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Jorge Luis Borges’ haunting short story The Library of Babel introduces a compelling concept: the Total Library. By “total” is meant that it contains every possible book, at least up to a certain length. In Borges’ story, the books each have 410 pages, and on each page are 40 lines and 80 columns. Also, there are only 25 characters altogether, including the space. The multiplication principle shows us that there are therefore 410 × 40 × 80 = 1,312,000 positions for characters in each book, and since there are 25 possible characters we get 25 raised to the 1,312,000th power as the total number of books in Borges’ total library. (This number is unimaginably huge – but it is still finite.)



As Borges tells us, since it contains every book, the library contains “everything: the minutely detailed history of the future, the archangel’s autobiographies, the faithful catalogue of the Library, thousands and thousands of false catalogues, the demonstration of the fallacy of those catalogues, the demonstration of the fallacy of the true catalogue, the Gnostic gospel of Basilides, the commentary on that gospel, the commentary on the commentary on that gospel, the true story of your death, the translation of every book in all languages, the interpolations of every book in all books.” Of course, it contains mostly nonsense. For instance, one of the books is just solid b’s, except for the 4,213th character, which is a q. (I personally take pleasure in knowing that there is a copy of Mark Twain's Tom Sawyer, faithful but for the fact that Tom is called “Silly Putty.”)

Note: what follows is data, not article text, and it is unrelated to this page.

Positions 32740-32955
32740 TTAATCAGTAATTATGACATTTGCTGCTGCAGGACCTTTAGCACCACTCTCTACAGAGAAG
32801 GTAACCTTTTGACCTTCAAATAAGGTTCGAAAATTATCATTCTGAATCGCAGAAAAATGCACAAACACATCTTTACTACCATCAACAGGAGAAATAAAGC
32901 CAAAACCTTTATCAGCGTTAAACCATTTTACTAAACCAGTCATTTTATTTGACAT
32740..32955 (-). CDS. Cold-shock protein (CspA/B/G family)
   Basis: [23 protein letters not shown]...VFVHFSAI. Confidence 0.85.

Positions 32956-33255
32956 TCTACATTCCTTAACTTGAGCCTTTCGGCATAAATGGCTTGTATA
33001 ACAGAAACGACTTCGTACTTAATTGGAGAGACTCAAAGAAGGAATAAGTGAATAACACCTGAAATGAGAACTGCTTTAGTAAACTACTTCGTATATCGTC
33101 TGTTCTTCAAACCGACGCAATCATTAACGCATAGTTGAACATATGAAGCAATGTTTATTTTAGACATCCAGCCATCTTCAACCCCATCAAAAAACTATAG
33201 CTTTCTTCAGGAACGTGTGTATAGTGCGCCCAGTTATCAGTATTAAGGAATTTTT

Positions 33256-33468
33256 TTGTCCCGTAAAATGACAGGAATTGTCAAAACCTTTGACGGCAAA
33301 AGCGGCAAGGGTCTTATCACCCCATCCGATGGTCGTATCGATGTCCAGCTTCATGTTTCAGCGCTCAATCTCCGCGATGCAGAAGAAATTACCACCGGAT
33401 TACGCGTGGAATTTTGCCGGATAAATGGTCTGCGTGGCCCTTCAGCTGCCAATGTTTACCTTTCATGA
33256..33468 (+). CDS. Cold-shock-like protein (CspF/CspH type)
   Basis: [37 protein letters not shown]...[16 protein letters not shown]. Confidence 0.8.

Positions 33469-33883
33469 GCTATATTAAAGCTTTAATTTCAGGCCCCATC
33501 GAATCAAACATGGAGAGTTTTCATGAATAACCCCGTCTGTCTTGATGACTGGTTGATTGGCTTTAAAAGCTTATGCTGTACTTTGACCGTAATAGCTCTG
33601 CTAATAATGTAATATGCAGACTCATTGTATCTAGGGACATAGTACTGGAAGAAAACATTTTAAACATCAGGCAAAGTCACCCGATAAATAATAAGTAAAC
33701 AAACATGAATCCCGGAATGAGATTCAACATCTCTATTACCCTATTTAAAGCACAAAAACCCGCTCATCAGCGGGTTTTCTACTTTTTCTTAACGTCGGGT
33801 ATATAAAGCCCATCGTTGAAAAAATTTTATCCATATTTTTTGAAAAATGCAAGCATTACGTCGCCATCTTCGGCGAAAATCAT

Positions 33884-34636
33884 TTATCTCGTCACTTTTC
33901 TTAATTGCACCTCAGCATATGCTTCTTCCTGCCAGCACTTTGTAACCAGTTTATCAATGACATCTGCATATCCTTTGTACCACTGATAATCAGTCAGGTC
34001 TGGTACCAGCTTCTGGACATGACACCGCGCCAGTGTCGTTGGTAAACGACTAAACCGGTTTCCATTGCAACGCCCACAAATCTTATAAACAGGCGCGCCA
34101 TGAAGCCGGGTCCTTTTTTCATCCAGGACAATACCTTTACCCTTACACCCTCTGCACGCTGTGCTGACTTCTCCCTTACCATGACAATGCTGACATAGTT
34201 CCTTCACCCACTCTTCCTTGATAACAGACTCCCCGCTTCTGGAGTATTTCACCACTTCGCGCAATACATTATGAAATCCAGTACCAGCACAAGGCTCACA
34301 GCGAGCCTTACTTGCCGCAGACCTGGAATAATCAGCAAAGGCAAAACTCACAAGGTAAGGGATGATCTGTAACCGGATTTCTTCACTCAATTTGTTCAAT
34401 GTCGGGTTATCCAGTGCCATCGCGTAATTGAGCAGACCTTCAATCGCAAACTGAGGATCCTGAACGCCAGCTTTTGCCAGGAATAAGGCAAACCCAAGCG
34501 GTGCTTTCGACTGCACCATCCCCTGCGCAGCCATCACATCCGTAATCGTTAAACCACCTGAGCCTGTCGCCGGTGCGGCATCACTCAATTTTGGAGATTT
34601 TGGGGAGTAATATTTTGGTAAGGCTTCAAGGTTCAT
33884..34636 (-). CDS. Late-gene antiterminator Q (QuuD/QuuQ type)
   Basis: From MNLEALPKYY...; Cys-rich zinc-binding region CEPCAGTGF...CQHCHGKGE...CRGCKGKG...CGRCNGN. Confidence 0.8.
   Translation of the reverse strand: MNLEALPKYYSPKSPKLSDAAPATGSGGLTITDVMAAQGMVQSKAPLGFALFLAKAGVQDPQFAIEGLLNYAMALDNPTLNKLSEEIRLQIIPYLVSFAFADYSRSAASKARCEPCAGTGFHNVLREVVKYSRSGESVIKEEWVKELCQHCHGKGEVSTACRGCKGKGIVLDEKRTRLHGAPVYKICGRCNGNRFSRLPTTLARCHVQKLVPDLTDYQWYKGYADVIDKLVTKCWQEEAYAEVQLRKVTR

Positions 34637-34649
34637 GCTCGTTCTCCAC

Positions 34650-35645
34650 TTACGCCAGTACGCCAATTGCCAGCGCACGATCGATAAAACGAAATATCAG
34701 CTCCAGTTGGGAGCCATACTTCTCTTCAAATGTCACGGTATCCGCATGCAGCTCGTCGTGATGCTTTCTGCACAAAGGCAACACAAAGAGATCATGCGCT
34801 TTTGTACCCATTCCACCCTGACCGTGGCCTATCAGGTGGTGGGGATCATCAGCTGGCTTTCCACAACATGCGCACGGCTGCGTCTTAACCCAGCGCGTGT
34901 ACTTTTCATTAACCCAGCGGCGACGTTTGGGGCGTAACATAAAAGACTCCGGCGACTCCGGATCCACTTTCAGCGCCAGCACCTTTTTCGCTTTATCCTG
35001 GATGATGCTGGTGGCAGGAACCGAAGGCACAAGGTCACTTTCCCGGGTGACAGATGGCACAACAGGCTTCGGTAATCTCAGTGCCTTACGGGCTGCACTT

Today's challenge: Does the Total Library contain a complete account of all of mathematics? (Would it make any difference, since the books are limited to 410 pages, if we allowed multi-volume works, up to any finite number of volumes?)

MISLEADING HINT


Solution to yesterday's challenge



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